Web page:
Electronic states of monolayer graphite formed on TiC (111) surface have been investigated by means of LEED, XPS and UPS. The chemical shift of XPS Cls peak has indicated that a small amout of charge (10_-2 electrons per carbon atom) transfers from the substrate to the monolayer graphite, which is in consistent with the work function change. In addition, UPS spectra has shown a large change in the energy band structure of the graphite layer. From those data, it has been concluded that the change in the electronic states originates mainly from the interaction between the overlayer and substrate.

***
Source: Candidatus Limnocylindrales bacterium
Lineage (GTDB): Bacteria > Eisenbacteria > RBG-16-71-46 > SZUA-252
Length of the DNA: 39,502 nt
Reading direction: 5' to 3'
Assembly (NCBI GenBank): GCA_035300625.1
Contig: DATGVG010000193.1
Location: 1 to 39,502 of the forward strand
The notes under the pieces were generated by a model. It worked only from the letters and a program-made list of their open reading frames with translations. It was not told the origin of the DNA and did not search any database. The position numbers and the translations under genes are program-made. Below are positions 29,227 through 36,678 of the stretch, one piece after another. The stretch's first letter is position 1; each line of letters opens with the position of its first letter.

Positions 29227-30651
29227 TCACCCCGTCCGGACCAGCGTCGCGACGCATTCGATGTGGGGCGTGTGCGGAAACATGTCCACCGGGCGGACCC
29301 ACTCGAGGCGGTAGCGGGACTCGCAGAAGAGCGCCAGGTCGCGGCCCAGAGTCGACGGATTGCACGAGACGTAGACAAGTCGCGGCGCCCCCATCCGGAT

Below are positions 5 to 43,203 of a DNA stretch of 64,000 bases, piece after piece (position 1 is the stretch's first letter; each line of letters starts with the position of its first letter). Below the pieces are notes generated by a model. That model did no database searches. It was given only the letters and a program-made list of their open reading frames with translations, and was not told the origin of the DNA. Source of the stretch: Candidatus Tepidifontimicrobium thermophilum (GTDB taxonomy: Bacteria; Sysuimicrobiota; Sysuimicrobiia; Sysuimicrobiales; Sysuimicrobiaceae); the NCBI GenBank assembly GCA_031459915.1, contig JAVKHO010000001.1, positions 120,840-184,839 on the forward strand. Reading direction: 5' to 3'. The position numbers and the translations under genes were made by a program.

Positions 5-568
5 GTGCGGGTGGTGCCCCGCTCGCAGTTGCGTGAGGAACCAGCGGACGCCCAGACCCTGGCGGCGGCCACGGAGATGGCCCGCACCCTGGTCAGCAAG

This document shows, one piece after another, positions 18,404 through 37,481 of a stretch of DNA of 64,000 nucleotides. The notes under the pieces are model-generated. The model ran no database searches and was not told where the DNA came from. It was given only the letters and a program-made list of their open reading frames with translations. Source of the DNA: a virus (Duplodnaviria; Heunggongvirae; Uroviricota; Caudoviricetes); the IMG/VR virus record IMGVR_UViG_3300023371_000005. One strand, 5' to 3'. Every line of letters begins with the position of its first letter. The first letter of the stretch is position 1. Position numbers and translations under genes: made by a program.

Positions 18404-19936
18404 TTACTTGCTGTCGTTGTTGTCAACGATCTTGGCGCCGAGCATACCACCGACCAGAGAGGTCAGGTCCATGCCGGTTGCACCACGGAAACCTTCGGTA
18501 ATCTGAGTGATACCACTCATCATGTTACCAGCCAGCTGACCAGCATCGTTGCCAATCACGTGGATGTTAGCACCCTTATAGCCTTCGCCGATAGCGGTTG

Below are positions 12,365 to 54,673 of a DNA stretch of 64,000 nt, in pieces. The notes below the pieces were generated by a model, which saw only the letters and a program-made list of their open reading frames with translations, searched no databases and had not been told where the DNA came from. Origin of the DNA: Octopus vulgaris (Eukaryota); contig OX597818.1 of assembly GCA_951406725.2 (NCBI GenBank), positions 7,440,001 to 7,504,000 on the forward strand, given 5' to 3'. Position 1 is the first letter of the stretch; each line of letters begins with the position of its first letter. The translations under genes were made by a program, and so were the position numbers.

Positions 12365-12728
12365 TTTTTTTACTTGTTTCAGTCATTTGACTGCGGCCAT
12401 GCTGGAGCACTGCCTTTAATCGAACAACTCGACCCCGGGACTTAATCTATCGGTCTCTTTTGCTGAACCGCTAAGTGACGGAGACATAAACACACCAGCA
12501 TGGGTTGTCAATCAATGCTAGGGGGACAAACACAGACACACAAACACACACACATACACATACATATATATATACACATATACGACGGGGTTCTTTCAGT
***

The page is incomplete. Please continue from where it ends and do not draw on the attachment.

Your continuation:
Much data on sputtering yields under the bombardment of non-reactive ions such as Ar+, Ne and other ions is avaibable, at present, but not for the sputtering of the samples in secondary ion mass spectrometry (SIMS) analysis. In the analysis, chemically active primary ion species such as O2+, Cs+ and O- ions have been used widely, and thus the primary ion species are im-planted into the sample surface layers. As a result, the mixing layers (compounds), composed of primary ion species and sample elements are formed during the subsequent sputtering processes. Therefore, from a practical perspective, it is necessary to measure the sputtering yields of the target having a different constitution from the original under chemically active ion sputtering. This paper presents the sputtering yields of Si (Ys) in an oxidized SiO2 layer, and the Si sub-strate, sputtered by cesium (Cs) and oxygen (O2) ion beams. The quantitative sputttering yields were measured from sputtered crater volume after sputtering, and from sputtering rate under ion bombardment. The values of Ys for SiO2 layer during Cs+ and O2+ bombardment at 15 keV measured by spur tering rate method were respectively 1.3 and 2.4 atoms /ion. For Si substrate, the values were 2.7 and 5.4 atoms/ion respectively.